Five Reasons to Nominate an entrepreneur for the 2022 Indigenous Business Award 

Photo: 2021 Awardee, Steven Stark, Tsawwassen Shuttles Inc.

While the past two years have been tough for all BC businesses with COVID shifting the economic landscape, Indigenous businesses throughout the province have demonstrated their respective resilience in remarkable ways. Indigenous businesses help generate cultural resurgence and build significant socio-economic opportunities across the province, and it’s important to recognize their efforts and strengths. The IBA program provides a platform for these successes while modelling best practices. 

For the past 13 years, the IBA program has represented Indigenous entrepreneurship from throughout the province, honouring and sharing the impact of over 200 businesses recognized for their excellence. Starting June 1, nominations will open for the 2022 Indigenous Business Award (IBA) program, marking its 14th annual presentation. Here are five reasons to nominate, from IBA’s most recent alumni. 

Five Reasons to Nominate for the Indigenous Business Award 

ONE: Instilling a sense of pride 

I feel it is very important to acknowledge excellence in Indigenous business entrepreneurship because with positive encouragement it inspires and motivates people to want to strive to do a good job, they feel pride in what they are doing which in turn builds strength in oneself to take their visions and grow to see where it will take you. 

Sandra Malone, Thunderbird RV Park & Cottage Resort, 2021 Alumni 

TWO: Creating possibilities

People like me are making a difference and encouraging other companies to make space for growth. I know for myself I have proven that anything is possible, knowing what it’s like to live on the streets and be affected by trauma, to begin rising up spiritually and create opportunities out of nothing; so winning this award for our people shows anyone can do it.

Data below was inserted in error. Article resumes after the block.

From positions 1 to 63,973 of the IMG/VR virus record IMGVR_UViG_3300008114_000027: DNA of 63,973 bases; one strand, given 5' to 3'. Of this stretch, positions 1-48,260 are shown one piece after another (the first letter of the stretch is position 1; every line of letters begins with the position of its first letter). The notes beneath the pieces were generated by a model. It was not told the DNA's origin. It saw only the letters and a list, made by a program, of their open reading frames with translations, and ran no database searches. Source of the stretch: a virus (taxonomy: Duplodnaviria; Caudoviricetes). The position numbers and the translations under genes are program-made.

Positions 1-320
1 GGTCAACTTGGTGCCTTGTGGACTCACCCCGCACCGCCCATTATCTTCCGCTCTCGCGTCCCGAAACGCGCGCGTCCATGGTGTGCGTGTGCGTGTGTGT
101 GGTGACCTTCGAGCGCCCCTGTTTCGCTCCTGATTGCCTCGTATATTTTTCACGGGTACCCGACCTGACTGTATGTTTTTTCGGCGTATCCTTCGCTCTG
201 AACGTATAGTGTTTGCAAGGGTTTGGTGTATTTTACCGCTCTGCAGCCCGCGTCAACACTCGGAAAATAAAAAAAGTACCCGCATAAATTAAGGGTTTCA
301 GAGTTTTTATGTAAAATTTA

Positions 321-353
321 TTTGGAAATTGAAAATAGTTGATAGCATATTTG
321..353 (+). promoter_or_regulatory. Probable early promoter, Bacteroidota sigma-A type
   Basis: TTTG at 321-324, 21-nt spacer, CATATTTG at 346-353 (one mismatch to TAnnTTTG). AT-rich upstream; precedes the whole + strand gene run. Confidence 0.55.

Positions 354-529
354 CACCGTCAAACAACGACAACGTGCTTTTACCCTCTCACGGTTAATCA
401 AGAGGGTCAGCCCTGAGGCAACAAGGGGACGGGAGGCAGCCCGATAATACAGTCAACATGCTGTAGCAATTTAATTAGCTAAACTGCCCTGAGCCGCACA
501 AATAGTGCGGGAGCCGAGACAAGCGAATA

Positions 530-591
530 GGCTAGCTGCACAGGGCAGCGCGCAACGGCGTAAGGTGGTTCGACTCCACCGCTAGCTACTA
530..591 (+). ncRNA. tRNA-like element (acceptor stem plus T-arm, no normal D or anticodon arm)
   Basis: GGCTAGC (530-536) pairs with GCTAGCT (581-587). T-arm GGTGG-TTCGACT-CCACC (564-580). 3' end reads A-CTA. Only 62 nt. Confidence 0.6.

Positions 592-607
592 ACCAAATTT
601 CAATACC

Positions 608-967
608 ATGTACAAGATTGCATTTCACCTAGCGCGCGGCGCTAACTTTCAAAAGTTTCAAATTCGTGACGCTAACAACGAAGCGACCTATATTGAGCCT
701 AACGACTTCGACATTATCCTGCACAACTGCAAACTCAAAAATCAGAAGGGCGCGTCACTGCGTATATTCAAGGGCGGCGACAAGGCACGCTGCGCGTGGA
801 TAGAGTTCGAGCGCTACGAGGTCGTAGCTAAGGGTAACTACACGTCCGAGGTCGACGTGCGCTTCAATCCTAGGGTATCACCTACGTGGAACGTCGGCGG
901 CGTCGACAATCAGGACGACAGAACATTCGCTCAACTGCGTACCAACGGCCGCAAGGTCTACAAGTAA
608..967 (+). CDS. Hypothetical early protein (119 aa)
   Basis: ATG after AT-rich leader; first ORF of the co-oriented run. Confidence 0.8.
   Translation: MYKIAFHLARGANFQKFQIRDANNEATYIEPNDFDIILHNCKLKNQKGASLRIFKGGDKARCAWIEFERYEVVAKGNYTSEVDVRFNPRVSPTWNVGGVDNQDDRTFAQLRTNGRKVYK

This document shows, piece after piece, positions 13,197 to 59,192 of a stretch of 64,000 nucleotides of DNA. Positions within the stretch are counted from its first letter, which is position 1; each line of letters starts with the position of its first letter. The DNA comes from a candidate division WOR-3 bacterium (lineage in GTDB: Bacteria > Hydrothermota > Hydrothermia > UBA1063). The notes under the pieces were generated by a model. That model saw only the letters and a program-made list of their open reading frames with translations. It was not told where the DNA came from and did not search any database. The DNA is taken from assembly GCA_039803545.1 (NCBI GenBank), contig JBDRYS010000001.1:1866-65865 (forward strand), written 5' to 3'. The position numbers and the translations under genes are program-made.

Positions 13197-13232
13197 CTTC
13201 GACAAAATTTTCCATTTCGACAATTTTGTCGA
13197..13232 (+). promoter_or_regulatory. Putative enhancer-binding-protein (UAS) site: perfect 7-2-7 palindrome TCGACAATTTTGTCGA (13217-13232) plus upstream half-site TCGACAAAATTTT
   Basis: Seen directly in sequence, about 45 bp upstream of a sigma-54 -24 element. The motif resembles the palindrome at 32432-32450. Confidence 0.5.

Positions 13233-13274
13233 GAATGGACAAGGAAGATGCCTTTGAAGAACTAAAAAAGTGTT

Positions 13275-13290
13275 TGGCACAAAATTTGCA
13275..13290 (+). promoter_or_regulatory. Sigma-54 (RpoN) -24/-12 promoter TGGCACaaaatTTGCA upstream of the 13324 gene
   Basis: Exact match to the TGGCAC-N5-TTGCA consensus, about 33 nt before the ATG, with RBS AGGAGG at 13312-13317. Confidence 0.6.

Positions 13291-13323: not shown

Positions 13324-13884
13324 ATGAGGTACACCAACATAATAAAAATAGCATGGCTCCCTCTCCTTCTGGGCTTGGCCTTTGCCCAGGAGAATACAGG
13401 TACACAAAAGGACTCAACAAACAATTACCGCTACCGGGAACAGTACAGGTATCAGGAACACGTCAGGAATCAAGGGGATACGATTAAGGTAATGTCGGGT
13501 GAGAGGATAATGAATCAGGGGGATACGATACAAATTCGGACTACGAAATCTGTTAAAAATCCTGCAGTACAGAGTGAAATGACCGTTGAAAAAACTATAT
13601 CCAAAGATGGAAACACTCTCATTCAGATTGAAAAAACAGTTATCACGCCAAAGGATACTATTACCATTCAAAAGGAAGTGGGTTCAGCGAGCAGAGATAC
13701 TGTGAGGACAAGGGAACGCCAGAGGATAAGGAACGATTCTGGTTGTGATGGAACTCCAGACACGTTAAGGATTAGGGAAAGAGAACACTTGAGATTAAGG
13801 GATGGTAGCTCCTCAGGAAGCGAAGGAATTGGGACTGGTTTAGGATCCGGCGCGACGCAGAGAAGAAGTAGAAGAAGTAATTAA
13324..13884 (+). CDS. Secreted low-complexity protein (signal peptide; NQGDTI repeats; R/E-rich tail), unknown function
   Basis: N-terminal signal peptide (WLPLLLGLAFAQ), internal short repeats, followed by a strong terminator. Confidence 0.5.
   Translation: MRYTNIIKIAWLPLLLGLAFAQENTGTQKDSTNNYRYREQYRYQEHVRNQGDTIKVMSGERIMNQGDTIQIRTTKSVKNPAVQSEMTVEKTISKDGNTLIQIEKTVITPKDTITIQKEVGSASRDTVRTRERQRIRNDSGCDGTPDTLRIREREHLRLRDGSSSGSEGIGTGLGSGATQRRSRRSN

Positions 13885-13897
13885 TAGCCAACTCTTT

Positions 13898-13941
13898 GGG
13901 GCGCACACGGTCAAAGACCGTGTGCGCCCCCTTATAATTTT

Steven Stark, Tsawwassen Shuttles Inc., 2021 Alumni 

THREE: Inspiring entrepreneurship

The light you shine on this business and others is an important beacon for other Indigenous entrepreneurs looking to begin their journey of a lifetime.  

Bob Joseph, Indigenous Corporate Training, 2021 Alumni 

FOUR: Benefits to local communities and the province

When we raise each other up, everyone benefits. Business is an opportunity for everyone to provide value to the community in the way that they know best. The more we can encourage entrepreneurship, the bigger benefit to everyone in our local communities, province and country.  

Keenan Beavis, Longhouse Media, 2020 Alumni 

FIVE: Representation matters

It is crucial to acknowledge excellence, and increase Indigenous representation, in the business and entrepreneurship space. Representation matters. The more Indigenous businesses that are successful, the more inspiration there will be for up-and-coming Indigenous entrepreneurs to pursue their entrepreneurial path. The more stories of resilience, strength and innovation that are shared from Indigenous businesses and entrepreneurs the more we as a society shift the narratives of trauma and deficit that are often at the forefront of news stories amid ongoing anti-Indigenous racism that exists in our country.  

Leigh Joseph,  Skwalwen Botanticals, 2020 Alumni 


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